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Bump on Dog’s Nose: 6 Reasons Why It Happens & What to Do

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Bumps on the nose of dogs appear for hereditary, inflammatory, or parasitic reasons. In some cases, these growths are cancerous tumors. These masses usually seem like they develop overnight and are red or ulcerated, hard, and immovable. Contact the vet if your dog has a bump on its nose.

Most dog owners associate bumps or lumps on their pet’s bodies with cancer. These bumps can be a sign of numerous medical conditions. 

Some bumps are hereditary and do not pose any serious risk to your dog’s health. There is no need to panic about every new bump on your pet’s skin.

If the bump appears overnight, it should be a cause for concern. But even then, you can’t know if it is cancer until you consult the vet. Bumps on the nose or elsewhere on the body should not be ignored.

In this article, you will find out why dogs get bumps on their noses, what the symptoms are, what you can do, and much more.

Why Does My Dog Have a Bump on Its Nose?

The most common causes that lead to bumps on dogs’ noses are bacterial infections and parasites. Cancer and autoimmune diseases are not as common but are possible causes. The most common symptoms include hypo- or hyperpigmentation of the nose, ulcers, crusts, and redness.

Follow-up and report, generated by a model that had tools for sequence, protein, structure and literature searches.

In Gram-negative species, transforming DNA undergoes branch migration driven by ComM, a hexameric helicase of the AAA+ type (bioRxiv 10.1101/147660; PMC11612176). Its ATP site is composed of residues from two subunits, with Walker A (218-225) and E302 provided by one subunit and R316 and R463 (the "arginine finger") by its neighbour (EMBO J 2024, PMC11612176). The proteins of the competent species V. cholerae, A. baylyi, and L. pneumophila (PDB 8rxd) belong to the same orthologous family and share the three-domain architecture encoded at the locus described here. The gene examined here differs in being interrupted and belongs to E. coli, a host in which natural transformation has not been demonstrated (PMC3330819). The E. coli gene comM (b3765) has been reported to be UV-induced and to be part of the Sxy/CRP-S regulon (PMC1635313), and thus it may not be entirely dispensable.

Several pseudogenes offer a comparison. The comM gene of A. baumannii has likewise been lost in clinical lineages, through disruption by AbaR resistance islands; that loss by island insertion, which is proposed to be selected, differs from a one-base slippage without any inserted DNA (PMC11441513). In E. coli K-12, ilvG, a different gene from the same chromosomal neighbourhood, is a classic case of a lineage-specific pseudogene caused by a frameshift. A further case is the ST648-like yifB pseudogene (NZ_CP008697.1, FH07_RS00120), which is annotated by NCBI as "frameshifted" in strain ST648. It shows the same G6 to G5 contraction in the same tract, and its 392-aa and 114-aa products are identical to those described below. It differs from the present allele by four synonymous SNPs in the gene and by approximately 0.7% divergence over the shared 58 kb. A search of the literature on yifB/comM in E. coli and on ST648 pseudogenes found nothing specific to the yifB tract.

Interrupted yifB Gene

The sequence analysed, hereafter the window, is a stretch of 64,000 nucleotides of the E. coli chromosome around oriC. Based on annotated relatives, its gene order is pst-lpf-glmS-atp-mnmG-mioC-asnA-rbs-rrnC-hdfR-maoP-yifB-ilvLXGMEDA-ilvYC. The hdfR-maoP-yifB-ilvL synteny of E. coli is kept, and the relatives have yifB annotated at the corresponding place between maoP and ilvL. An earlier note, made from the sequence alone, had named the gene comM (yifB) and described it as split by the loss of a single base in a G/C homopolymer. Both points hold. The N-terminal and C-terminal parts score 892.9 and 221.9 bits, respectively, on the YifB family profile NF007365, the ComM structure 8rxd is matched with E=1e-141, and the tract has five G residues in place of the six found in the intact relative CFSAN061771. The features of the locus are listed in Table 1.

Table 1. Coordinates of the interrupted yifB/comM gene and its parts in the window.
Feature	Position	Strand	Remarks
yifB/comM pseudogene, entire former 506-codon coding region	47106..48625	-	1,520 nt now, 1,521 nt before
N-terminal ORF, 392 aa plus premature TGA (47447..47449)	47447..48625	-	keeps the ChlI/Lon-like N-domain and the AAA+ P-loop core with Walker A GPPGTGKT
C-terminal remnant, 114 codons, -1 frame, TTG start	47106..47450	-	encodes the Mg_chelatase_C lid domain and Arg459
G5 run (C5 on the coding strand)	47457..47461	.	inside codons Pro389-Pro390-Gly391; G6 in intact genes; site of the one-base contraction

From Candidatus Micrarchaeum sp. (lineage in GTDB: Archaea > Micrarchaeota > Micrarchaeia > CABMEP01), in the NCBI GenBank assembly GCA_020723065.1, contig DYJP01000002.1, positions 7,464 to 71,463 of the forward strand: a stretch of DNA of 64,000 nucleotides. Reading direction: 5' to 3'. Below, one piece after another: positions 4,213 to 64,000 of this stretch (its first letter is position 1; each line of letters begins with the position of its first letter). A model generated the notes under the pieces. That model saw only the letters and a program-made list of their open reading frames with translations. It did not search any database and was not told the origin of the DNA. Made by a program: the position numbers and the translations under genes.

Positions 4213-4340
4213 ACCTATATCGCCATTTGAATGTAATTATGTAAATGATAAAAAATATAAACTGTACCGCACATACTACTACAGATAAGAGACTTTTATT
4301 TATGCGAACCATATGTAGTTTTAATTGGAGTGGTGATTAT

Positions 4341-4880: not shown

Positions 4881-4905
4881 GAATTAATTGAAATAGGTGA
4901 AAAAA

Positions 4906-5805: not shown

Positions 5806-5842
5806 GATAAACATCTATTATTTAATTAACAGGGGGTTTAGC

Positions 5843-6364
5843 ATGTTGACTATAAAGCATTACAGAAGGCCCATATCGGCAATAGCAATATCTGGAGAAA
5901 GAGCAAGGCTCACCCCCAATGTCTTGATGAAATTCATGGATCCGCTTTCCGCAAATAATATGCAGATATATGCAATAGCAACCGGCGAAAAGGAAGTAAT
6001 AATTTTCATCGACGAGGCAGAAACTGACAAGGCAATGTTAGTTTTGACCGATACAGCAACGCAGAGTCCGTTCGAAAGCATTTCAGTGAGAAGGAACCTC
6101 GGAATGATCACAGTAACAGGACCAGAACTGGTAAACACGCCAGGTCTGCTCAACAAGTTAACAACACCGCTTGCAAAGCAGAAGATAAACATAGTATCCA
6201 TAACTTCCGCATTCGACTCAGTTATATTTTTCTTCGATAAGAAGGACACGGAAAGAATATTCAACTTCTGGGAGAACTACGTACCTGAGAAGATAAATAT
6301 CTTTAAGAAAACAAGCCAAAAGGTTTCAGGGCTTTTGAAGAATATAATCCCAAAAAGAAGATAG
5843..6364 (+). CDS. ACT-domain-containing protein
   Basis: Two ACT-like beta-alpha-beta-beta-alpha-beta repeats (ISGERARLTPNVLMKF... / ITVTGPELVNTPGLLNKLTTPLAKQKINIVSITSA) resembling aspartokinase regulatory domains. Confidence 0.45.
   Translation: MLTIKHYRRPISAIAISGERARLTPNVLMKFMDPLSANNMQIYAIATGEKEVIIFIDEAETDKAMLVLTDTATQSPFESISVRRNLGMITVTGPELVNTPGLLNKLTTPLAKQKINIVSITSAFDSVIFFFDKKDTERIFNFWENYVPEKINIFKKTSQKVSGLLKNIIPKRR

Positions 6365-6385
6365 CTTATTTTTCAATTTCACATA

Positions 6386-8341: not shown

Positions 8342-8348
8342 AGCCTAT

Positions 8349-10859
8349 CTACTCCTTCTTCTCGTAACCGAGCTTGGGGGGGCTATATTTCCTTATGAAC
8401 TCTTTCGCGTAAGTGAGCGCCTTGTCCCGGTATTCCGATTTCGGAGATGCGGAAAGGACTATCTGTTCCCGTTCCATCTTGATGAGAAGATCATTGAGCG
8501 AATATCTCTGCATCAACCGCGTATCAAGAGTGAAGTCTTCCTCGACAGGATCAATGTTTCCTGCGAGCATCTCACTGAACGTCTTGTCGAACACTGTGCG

Dogs frequently develop bumps. These are either skin conditions, insect bites (or other parasites), or allergies.

When dogs develop skin conditions on the notes, it’s known as nasal dermatoses. This includes both the hairy part (nasal bridge) and the hairless part, where the nostrils are (nasal plane).

There are several specific causes behind bumps on a dog’s nose:

  • Bacterial infection
  • Parasitosis (caused by Demodex and ringworms)
  • Autoimmune diseases
  • Cancer
  • Insect bites
  • Direct contact with irritating substances or plants

Bacterial Infection

Bacterial Infection on dog nose

Bacterial infections can cause bumps on the nose and are not something worry about. They are usually treated with local antibiotic cream.

Bacterial infections affect only the superficial layer of the skin and hair follicles. The most common bacteria that cause this condition are those of the genus Staphylococcus and Streptococcus.